We have developed a Global Transport Model of Dust (GMOD) within a general circulation model, using comprehensive parameterizations of the emission and deposition processes from Wang et al. (2000). These parameterizations are modified to match the surface conditions and meteorological fields of the climate model. A 20-year simulation from the dust model predicts an average dust emission of 1935 ± 51 Tg a−1 and a global dust burden of 27.8 ± 0.8 Tg for particles whose radii are smaller than 10 μm. Comparisons with observations show that the GMOD reproduces reasonably well dust concentrations (mean bias MB of −0.67 μg m−3, normalized mean bias NMB of −8.0%, correlation coefficient of 0.96 at 18 sites), logarithmic total deposition (−0.62 g m−2 a−1, −36.0%, 0.84 at 251 sites), and aerosol optical thickness (−0.04, −26.7%, 0.80 at 16 sites). The simulated dust particle size distribution is consistent with observations; both have a volume median radius in the range 1.0–4.0 μm. We examine the temporal variation of dust transport on different timescales. The simulated interannual variability is small, but the seasonal variation is quite large in the Sahara Desert and central Asia. We pay special attention to the diurnal variation of dust; both observations and simulations show that dust mobilization is more active during the local daytime than nighttime. On a global and annual mean basis, the simulated ratio of the daytime maximum uplift to the nighttime minimum is 75. Both the dust burden and dry deposition of dust show a similar diurnal cycle peaking in the late afternoon.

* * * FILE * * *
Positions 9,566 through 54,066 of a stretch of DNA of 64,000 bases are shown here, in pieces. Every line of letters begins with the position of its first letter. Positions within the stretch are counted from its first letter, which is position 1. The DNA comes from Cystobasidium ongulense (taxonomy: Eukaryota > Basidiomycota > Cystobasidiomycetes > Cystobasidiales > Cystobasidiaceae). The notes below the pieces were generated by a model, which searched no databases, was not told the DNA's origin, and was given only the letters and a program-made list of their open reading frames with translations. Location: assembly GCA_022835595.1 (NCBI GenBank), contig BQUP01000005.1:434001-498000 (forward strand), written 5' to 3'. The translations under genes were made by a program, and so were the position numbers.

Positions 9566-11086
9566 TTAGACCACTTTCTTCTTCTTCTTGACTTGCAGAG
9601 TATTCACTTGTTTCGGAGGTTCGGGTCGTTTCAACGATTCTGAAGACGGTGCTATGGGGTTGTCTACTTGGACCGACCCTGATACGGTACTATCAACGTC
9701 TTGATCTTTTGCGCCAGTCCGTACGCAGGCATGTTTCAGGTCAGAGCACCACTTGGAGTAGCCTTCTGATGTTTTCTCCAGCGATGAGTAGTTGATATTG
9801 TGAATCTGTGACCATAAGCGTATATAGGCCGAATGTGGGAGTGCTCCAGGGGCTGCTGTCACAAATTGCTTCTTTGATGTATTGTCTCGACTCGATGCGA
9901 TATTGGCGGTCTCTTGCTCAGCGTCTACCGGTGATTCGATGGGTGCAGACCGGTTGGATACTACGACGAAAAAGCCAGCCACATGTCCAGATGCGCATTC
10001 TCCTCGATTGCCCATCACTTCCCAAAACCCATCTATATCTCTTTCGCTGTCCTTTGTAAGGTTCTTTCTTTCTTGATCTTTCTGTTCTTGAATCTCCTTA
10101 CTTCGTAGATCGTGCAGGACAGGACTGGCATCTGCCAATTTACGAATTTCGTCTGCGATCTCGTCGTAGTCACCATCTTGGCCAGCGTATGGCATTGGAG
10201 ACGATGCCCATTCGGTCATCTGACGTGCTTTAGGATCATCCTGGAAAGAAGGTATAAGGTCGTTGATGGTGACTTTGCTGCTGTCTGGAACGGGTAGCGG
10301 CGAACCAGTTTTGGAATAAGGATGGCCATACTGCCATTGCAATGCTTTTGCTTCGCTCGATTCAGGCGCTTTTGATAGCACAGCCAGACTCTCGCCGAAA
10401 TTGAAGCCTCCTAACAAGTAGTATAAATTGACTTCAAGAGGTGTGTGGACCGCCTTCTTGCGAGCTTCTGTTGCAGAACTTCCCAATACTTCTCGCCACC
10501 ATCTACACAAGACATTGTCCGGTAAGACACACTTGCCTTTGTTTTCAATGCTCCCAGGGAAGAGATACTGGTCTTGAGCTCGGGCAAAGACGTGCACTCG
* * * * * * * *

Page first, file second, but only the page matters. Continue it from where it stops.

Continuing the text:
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 The transport and climatic impact of mineral dust aerosol are major concerns in climate research today. Every year, about 200 to 5000 trillion grams (Tg) of dust mass are entrained into the air from arid and semiarid areas [Goudie, 1983]. The total mass of the suspended dust particles in the troposphere is about 20 Tg, which is nearly half of the total aerosol mass loading [Qian et al., 1999]. The haze and dust storms caused by these particles influence air quality and reduce atmospheric visibility. In addition to the environmental impacts, mineral dust aerosol has both direct and indirect effects on climate. Suspended dust particles can absorb and scatter shortwave and longwave radiation [Carlson and Benjamin, 1980; Miller and Tegen, 1998; Dufresne et al., 2002; Markowicz et al., 2003]. They can also influence cloud formation and modify the optical properties of clouds by acting as cloud condensation nuclei [Levin et al., 1996].